It’s a movie with many problems, like most of Scott’s recent epics (Prometheus, Robin Hood, Kingdom of Heaven), but Scott has a better story to work with here and adds something of value to the world of Bible cinema.
Ridley Scott’s Exodus: Gods and Kings (in theaters Dec. 12) is the year’s second major Old Testament epic from a director who is not a believer — but don’t get Scott started on Noah’s rock-monster Watchers.
The Exodus is probably the Bible’s most cinema-ready story, the perfect Bible-movie subject. Unlike the stories of Noah, Abraham, David, Jesus, Peter, or Paul, it offers a sustained narrative structure, with a clear central conflict between a strong hero and a strong villain, building to a series of grand climaxes.
There’s something instantly appealing about the thought of Spielberg directing Hollywood’s first major live-action take on Moses’ story since Cecil B. DeMille’s 1956 crowning achievement, The Ten Commandments.
Although less speculative and less freely adapted than the earlier film, The Ten Commandments shamelessly rips off interpretive conceits and even specific dramatic beats from The Prince of Egypt, from the menacing of Moses’ basket by a passing croc to the foundering of Ramses’ chariot on the shores of the Red Sea, allowing him to live to see the destruction of his army and the escape of the Israelites.
For good and for ill, it’s as much a testament and a fixture of traditional American ideals and affections as a courthouse display of the stone tablets, and as weighty and solid.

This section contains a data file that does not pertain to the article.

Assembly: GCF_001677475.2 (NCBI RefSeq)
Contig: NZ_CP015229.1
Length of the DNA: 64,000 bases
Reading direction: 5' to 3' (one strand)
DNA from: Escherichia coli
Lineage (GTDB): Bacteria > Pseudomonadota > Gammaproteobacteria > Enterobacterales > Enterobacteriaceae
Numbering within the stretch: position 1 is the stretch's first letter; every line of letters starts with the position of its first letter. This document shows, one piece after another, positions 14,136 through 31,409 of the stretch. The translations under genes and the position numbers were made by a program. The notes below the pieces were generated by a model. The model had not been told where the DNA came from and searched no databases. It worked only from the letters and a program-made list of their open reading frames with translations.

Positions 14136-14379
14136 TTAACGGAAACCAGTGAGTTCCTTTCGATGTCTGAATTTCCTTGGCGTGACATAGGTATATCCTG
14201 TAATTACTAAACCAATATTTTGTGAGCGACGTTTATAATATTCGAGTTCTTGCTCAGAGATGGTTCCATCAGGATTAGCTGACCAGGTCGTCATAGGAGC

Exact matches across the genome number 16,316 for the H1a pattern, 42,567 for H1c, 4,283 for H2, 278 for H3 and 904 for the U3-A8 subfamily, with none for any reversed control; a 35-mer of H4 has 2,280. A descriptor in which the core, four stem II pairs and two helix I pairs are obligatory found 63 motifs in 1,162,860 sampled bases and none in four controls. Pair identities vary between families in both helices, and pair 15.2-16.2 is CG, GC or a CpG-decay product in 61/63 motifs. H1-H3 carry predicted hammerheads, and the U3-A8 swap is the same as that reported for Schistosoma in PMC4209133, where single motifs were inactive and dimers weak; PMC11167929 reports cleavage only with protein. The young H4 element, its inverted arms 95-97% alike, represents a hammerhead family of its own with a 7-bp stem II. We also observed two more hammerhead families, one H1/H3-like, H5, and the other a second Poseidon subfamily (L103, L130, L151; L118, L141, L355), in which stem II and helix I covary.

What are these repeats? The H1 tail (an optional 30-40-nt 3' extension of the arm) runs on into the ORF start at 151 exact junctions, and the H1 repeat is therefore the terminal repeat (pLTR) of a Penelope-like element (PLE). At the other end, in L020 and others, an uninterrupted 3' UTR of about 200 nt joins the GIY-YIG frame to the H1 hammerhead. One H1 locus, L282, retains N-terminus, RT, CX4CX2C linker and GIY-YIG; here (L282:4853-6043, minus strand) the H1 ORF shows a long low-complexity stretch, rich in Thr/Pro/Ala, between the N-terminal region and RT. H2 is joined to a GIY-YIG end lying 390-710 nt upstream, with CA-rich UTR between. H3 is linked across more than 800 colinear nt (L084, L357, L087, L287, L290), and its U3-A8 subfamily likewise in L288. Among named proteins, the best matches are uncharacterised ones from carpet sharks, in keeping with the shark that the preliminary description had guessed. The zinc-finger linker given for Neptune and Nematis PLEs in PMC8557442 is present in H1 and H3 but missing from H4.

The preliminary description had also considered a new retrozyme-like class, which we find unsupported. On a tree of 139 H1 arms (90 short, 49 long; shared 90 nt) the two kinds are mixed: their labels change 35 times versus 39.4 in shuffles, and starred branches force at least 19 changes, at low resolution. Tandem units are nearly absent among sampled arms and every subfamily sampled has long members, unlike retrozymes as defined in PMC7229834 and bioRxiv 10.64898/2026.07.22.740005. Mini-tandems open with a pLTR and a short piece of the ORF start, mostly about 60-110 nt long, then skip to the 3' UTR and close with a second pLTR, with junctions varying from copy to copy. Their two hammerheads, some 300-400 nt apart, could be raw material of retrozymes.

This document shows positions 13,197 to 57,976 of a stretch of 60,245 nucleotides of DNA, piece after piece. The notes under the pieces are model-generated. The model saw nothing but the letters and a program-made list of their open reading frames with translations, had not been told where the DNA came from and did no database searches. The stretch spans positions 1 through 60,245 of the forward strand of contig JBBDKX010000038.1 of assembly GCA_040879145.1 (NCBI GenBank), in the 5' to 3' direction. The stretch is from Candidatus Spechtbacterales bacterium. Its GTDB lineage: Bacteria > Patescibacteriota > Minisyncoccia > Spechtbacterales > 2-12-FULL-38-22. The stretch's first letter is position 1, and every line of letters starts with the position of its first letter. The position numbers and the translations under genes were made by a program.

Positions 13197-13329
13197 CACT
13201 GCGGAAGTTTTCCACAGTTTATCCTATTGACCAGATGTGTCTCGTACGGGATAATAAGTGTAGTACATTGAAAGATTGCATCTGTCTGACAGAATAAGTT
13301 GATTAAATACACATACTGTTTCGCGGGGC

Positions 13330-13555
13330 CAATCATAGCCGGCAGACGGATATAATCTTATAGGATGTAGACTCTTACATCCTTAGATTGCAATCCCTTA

Witness the astonishing animation of scale at work in capturing the towering monuments of Egypt, or the host of departing Hebrews: few if any traditional animated films have ever captured the sheer sense of size in this film. Watch the subtle storytelling in an early scene as the infant Moses, caught up in the Queen’s arms, eclipses the toddler Ramses in her line of vision, leaving him standing there with outstretched arms; foreshadowing the rivalry and ultimately the enmity between the heir to the throne and his Hebrew foster brother. Notice the small details in those quiet numinous moments: the pebbles rolling back at Moses’ feet at the burning bush; the halo of clear water around his ankles as the Nile turns to blood; the horror of an Egyptian servant as the surface of the water bubbles and the first frogs begin to flop out of the river onto the palace stairs; an extinguished candle flame or an offscreen sound of a jar crashing as the destroying angel swirls in and out among the Egyptians.
Copyright © 2000– Steven D. Greydanus. All rights reserved.